I'll say it. It was terrible. I wasn't sure if I was going to vomit or drown or both. Gina wasn't far off those same feelings. You'll notice in my rant about Australia's Most Deadly that I did not mention sharks. I was saving it. The latest shark attack was dum dum da dum......here. In Port Macquarie. Four days ago. A bodyboarder was bitten in the early evening last Saturday; they sewed his butt back together and closed the beaches for a few days. Now I am not exactly going to go out and shake fins with a shark but I agree with Rick (our instructor) that they have been villainized and misunderstood. Rick has been diving for 25 years and he said he was going to go spear fishing that day at that same beach but saw the water and said nope. Also I guess 5pm is a risky shark feeding time. Also note that the man was bitten but not chewed. So basically all signs point to a scared or surprised animal, not necessarily a hostile one. Anyways A) we trust Rick's judgement and B) at this point if I saw a shark I would probably just pull a Bugs Bunny and run across the water all the way back to the car. Which, given the spider/snake/claw/tentacle situation, I would probably drive to the Sydney airport and fly to somewhere that is not trying to kill me. At least Michigan is too cold for Funnel Web spiders and toilet leeches.
So back to scuba. My mask, by the way, is yellow and looks exactly like the mask from Finding Nemo except it says "Rick's Dive School' on the back instead of 42 Wallaby Way Sydney. Day 2 was today, our first open water dives, pretty darn close to the shark beach previously mentioned. But sharks didn't even cross my mind. Fish didn't even cross my mind. The only problem I had with scuba today was the water. Ya know. It turns out it was much choppier underwater than the surface waves indicated, so the three of us were buffed around like a bunch of sneakers in a clothes dryer. The wetsuit and BCD vest compress your chest so it is hard to breathe anyways, much less from a little hose, when your eyeballs are telling you that you're underwater asshole, quit trying to breathe. The swaying sea kelp and lack of control when swimming added up to some extreme nausea, and when we surfaced way out in the middle of nowhere, Rick told me that if I had to puke while we were down that was okay but I would have to do it into my regulator (the thing that goes in your mouth aka your air supply aka the tube of life).
Excuse me? How is that supposed to work? How is one supposed to vomit into a valve without removing it from your mouth and then right away inhale from said valve because you need a breath because you just vomited? All while said vomit is swirling around your head? I didn't want to test this out so I kept choking back (literally) through the second dive, trying to focus on Rick's tank ahead of me and also equalize my ear pressure every other minute because my friggin ears wouldn't pop. Meanwhile the ocean is just swirling around and around whispering yesss, yessssss my precious, you're mine now.......
You know the phrase, "washed up onshore?" That is now a literal phrase for me. We literally washed up on shore. Rick took off his flippers, stood up, and walked to the beach like a man, but Gina and I rolled up onto the sand like a couple of old boots. Tanks and all. Then you just lay there like an upended turtle for a split second, staring up at the clear sky wondering how, after all of this, can you look yourself in the mirror anymore. Then a wave washed me onto my knees and I crawled towards the beach. Rick dragged Gina by her BCD strap. Wherever he is at this moment, I am sure there is a stiff drink involved. He deserves it.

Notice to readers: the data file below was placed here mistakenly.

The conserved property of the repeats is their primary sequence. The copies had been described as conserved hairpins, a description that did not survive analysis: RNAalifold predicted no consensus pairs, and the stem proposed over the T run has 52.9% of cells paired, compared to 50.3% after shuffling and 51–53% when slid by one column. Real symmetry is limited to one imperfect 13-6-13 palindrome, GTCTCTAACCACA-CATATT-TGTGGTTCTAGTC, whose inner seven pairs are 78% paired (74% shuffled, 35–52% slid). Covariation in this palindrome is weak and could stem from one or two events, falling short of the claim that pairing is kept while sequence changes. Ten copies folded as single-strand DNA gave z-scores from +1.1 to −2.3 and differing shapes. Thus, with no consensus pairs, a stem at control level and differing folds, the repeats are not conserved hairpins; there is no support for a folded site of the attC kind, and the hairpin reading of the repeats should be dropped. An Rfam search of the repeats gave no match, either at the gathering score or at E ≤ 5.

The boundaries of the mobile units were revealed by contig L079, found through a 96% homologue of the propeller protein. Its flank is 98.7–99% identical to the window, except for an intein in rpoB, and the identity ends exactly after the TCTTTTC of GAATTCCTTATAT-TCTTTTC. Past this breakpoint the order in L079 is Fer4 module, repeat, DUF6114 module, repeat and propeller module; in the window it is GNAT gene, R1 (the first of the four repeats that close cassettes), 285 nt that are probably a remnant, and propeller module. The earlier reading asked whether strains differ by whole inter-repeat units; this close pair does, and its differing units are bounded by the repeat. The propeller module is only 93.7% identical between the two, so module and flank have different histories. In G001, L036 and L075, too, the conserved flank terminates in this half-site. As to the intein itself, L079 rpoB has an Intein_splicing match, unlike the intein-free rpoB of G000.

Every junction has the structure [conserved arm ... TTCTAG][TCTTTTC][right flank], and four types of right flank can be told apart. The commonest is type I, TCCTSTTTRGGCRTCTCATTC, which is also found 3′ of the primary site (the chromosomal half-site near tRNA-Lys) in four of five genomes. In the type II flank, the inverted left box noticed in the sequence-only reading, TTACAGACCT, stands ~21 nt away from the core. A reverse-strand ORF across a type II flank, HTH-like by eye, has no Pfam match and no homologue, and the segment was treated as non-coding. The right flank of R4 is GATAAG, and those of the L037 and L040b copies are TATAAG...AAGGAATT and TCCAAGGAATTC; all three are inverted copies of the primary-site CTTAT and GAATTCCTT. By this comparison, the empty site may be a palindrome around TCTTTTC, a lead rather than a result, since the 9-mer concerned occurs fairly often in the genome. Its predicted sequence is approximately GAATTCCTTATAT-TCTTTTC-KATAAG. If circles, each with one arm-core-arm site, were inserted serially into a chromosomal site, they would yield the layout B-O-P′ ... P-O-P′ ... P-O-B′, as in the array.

Little did I know that the worst wasn't over. After two dives (especially our first two real dives ever) it takes a bit to get your land legs back. Plus you're basically wearing a refrigerator on your back. While wearing a wetsuit aka a corset. And a twenty pound weight belt. And carrying your two foot long fins. And mask. And snorkel. And what's left of your dignity. Then it was about a hundred yards across the soft sand to the wooden stairs that were our only way up the bluff and to the car. By this point my mood was somewhere in my neoprene booties. About 2/3 of the way to the stairs Rick looked back and pointed to a pod of dolphins skimming through the water, not far from where we dove.
Fuck the dolphins. I'm cold and I'm wet and I've got sand in places where sand really shouldn't be and I've scraped all my knuckles and there is bile in the back of my throat and I feel like a Jimmy Dean in this goddamn wetsuit and the sun is beating down and it feels like I have the U.S.S. Pennsylvania strapped to my back and my weight belt is sliding down so I can only take little tippy toe steps and my mask is caught in my hair FUCK. THE. DOLPHINS. MATE.
We pulled outselves together and out of the equipment once we reached the car though, and Rick was a champ about not openly laughing when Gina got stuck in hers with her arms in the Superman position. We agreed on a time and place for tomorrow's lesson (ha!) and because we still had two hours before Jane could pick us up, we had him drop us off at Town Beach, where we spread our towels and collapsed in the sun like the housecats we are.
So you see it's the ocean. It's the landscape. It's the animals and insects and the shady characters. They're all out to get you at any given moment. It is a very real warning here that if you plan on a country drive (or the Outback, heaven forbid) you should bring food and lots of water and maybe even extra gas. Clare and Adam keep a salt shaker in their car. If I lived here I would have to keep an uzi in mine, given the Huntsman-in-the-vehicle story. Because Australia wants to kill you. The wind screams and the ocean roars and even the dirt is red and raw. Even now, sitting in Jane's warm and inviting living room out in the boonies, I get the feeling that the critters are inching closer, sensing my fear. They know I'm foreign and tender to this wild place, that I have zero hunting skills and will scream and faint if I see so much as a spider bigger than an M&M. They know I have to go to sleep sometime. They can even smell my blood.

Posted by Chloeah 23:17 Archived in Australia Comments (1)